When I was younger, Halloween reigned as the ultimate kids' night out on the town. Dressed in our homespun scary attire, we begged for as much candy as time allowed. Of course, we fit in a few pit stops at the usual haunts famous for their homemade treats and hot spiced drinks.
Fast forward a generation or two and we find adults have crashed the Halloween party season. Creative and innovative costumes rule these spooky celebrations. As for the food; well the big kids raised the bar on packaged candy and caramel apples.
And the bar keeps rising higher and higher as Halloween provides cooks an opportunity to play fast and loose with a few of the kitchen rules. Guests expect a snazzy trick, but their taste buds look for an unusual treat. For bakers, especially, Halloween allows us to showcase extreme culinary creativity. Usually I advise a light and balanced hand when decorating baked treats for a diverse crowd, however, for Halloween desserts I say pull out all the colored sugar, sprinkles, gummy worms and spooky finishings you can find.
Before you get to the seriously creative fun, it's important to know one kitchen rule never to break at Halloween, or any time for that matter: start with a solid base recipe that is party friendly. This means selecting a recipe that offers a popular flavor theme, relative ease of preparation and service, and most important, does not require refrigeration.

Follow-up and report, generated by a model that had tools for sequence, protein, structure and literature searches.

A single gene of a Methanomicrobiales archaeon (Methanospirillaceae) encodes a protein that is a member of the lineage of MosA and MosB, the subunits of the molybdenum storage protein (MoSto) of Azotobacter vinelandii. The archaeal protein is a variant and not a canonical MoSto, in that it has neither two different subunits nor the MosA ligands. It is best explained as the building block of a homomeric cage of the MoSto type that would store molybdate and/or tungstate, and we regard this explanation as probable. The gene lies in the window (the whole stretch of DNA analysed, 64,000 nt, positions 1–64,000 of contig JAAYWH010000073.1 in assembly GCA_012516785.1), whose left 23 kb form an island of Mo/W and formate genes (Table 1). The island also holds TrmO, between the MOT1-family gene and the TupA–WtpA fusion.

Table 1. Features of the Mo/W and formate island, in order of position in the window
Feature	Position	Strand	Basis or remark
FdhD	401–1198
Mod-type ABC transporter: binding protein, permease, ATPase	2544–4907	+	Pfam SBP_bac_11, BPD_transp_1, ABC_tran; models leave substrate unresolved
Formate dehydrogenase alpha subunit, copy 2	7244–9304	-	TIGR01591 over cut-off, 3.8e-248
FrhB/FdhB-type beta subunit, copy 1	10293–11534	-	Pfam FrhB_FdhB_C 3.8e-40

In my kitchen cupcakes often fit that bill. Yes, these diminutive gems have enjoyed more than 15 minutes of fame of late (some pastry chefs feel they overstayed their welcome), but cupcakes remain the best choice for Halloween desserts where the focus lies upon wild and creative decorations.
For the cake base I decided to spice things up a bit. Sidelining the usual chocolate and butter cake recipes, I went with a pumpkin-style batter to fit the fall celebration. I pulled out my tried-and-true pumpkin cake recipe and began to tweak ingredients and mixing styles.
First up I exchanged the traditional oil for very soft unsalted butter as the fat in the batter. Pumpkin puree adds loads of moisture and oil tends to weigh down a cupcake's texture. Butter also imparts smooth cream flavors missing in plain vegetable oils. Bonus!
On the sweetener front, I reduced the amount of sugar overall as pumpkin puree adds a touch of natural sweetness to the batter. My batter recipe called for equal amounts of white and brown sugars, but increased the ratio of brown to white to deepen the harvest hue and infuse a light molasses background flavor.
Pumpkin pie spice offers an easy option to spice recipes. However, I like to control the exact amount of each spice in cake batters, so I went with individual spices and boosted the amount of cinnamon and ground cloves.
My first batch was good -- nice pumpkin and spice flavors -- but not great. Then I got a hauntingly good idea to infuse a dominant, but still complementing, note into the batter. A splash of orange extract adds a mild fruitiness to the cake batter and just a bit in the frosting melds with the sour cream for a memorable dessert.
This little trick created quite a spooktacular Halloween treat. Enjoy!
• Annie Overboe, a graduate of the Culinary Institute of America, lives in Villa Park. Write her at firstname.lastname@example.org.